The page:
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You're right; the membership ID is not part of your Primary Key. That's why synthetic keyssynthetic keys exist.

A synthetic key is one that is automatically generated, either by you or the database. It usually takes the form of either an incrementing number or a globally-unique identifier. Synthetic keys are never re-used, even if a record is deleted. The good ones are guaranteed to be unique across the entire database, or even across any database.

Synthetic keys don't take on any characteristics of the data they represent. They are, in fact, completely independent of your data, except for the relationships they impart by matching with foreign keys in your other tables.

In short, synthetic keys don't suffer from any of the problems that other kinds of keys do. Each and every one of your tables should contain a synthetic primary key and relationships defined by joining those keys to corresponding foreign keys in other tables.

Naturally, you can add other fields like Membership ID. Avoid using these fields in table relationships, however, except possibly as joins in ad-hoc queries.

Changes to database schemas do happen, but usually only in response to new business requirements. The most common changes made to production databases is that tables or fields are added.

You're right; the membership ID is not part of your Primary Key. That's why synthetic keys exist.

A synthetic key is one that is automatically generated, either by you or the database. It usually takes the form of either an incrementing number or a globally-unique identifier. Synthetic keys are never re-used, even if a record is deleted. The good ones are guaranteed to be unique across the entire database, or even across any database.

Synthetic keys don't take on any characteristics of the data they represent. They are, in fact, completely independent of your data, except for the relationships they impart by matching with foreign keys in your other tables.

In short, synthetic keys don't suffer from any of the problems that other kinds of keys do. Each and every one of your tables should contain a synthetic primary key and relationships defined by joining those keys to corresponding foreign keys in other tables.

Naturally, you can add other fields like Membership ID. Avoid using these fields in table relationships, however, except possibly as joins in ad-hoc queries.

Changes to database schemas do happen, but usually only in response to new business requirements. The most common changes made to production databases is that tables or fields are added.

You're right; the membership ID is not part of your Primary Key. That's why synthetic keys exist.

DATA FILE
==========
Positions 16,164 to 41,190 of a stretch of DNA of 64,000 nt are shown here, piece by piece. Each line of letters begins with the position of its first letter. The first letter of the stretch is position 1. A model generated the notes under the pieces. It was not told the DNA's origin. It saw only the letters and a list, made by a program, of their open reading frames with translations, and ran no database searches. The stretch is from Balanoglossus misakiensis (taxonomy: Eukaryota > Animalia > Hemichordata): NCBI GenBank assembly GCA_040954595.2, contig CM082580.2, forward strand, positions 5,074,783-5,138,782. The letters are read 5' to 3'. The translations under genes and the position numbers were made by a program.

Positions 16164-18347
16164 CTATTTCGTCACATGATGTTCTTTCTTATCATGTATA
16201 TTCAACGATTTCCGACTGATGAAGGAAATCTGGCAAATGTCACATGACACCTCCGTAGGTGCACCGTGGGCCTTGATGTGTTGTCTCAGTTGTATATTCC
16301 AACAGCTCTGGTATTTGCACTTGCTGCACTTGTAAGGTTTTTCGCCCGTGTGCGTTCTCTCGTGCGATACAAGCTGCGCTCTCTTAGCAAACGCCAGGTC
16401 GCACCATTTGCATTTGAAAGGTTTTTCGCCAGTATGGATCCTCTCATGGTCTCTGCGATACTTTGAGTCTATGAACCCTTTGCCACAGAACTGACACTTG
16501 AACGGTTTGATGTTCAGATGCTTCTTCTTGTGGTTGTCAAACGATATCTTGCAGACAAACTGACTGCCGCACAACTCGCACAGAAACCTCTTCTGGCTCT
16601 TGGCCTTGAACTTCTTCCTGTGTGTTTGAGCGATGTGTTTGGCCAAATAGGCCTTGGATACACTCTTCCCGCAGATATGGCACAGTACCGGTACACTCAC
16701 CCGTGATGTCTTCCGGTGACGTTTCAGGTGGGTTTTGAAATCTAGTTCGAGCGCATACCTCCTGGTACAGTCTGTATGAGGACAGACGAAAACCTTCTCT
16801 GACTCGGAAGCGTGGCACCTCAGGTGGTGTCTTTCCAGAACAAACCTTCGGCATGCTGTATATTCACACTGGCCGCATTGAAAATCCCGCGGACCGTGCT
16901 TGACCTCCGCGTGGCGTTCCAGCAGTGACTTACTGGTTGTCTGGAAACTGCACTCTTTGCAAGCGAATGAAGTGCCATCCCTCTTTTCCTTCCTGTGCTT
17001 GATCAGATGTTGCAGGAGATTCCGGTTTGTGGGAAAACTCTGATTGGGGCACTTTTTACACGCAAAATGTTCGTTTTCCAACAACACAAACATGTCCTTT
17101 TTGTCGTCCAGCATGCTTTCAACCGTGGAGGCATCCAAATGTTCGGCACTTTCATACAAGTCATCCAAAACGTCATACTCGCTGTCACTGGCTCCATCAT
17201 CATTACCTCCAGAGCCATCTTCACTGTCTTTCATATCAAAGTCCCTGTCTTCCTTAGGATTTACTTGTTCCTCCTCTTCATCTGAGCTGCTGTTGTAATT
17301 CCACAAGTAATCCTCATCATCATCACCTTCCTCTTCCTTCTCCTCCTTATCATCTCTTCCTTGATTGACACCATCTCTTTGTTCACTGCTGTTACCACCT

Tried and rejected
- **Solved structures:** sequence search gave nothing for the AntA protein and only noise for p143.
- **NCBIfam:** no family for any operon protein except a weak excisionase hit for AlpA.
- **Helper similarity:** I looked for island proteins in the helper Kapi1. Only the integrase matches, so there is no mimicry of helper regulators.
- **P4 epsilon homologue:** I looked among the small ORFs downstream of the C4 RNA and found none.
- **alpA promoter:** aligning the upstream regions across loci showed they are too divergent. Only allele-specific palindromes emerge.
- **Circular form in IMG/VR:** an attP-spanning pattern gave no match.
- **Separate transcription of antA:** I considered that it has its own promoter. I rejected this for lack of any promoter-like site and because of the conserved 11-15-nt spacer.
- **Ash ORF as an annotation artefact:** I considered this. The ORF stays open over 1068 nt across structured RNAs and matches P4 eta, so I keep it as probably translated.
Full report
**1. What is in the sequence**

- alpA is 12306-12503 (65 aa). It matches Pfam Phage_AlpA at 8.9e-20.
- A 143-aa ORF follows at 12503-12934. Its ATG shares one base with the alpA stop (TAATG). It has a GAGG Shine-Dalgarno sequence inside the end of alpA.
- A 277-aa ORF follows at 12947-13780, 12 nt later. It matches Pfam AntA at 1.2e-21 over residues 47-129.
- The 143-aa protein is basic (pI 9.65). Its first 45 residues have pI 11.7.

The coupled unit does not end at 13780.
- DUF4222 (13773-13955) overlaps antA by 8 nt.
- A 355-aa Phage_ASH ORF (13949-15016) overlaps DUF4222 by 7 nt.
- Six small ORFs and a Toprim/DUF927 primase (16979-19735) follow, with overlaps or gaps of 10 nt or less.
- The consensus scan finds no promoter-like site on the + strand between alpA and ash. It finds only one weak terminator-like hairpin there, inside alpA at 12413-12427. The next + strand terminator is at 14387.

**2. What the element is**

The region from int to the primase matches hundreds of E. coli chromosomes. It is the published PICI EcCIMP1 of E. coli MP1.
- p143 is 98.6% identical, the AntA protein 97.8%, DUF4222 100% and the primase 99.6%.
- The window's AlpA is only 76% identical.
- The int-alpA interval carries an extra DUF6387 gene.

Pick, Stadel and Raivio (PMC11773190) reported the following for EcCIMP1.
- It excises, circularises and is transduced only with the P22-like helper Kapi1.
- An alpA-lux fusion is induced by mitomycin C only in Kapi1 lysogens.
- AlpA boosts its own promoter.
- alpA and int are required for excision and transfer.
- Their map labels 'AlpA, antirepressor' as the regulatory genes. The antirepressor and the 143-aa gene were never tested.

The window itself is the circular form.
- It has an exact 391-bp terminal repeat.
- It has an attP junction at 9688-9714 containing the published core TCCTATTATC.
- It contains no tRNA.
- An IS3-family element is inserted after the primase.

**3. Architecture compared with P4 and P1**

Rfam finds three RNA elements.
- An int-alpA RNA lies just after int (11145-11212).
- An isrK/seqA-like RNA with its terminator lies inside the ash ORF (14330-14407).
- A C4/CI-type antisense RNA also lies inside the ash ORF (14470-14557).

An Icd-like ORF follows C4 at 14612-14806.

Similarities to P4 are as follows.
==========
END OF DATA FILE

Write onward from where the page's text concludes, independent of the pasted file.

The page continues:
A synthetic key is one that is automatically generated, either by you or the database. It usually takes the form of either an incrementing number or a globally-unique identifier. Synthetic keys are never re-used, even if a record is deleted. The good ones are guaranteed to be unique across the entire database, or even across any database.

Synthetic keys don't take on any characteristics of the data they represent. They are, in fact, completely independent of your data, except for the relationships they impart by matching with foreign keys in your other tables.

In short, synthetic keys don't suffer from any of the problems that other kinds of keys do. Each and every one of your tables should contain a synthetic primary key and relationships defined by joining those keys to corresponding foreign keys in other tables.

Naturally, you can add other fields like Membership ID. Avoid using these fields in table relationships, however, except possibly as joins in ad-hoc queries.

Changes to database schemas do happen, but usually only in response to new business requirements. The most common changes made to production databases is that tables or fields are added.

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source | link

You're right; the membership ID is not part of your Primary Key. That's why synthetic keys exist.

A synthetic key is one that is automatically generated, either by you or the database. It usually takes the form of either an incrementing number or a globally-unique identifier. Synthetic keys are never re-used, even if a record is deleted. The good ones are guaranteed to be unique across the entire database, or even across any database.

Synthetic keys don't take on any characteristics of the data they represent. They are, in fact, completely independent of your data, except for the relationships they impart by matching with foreign keys in your other tables.

In short, synthetic keys don't suffer from any of the problems that other kinds of keys do. Each and every one of your tables should contain a synthetic primary key and relationships defined by joining those keys to corresponding foreign keys in other tables.

Naturally, you can add other fields like Membership ID. Avoid using these fields in table relationships, however, except possibly as joins in ad-hoc queries.

Changes to database schemas do happen, but usually only in response to new business requirements. The most common changes made to production databases is that tables or fields are added.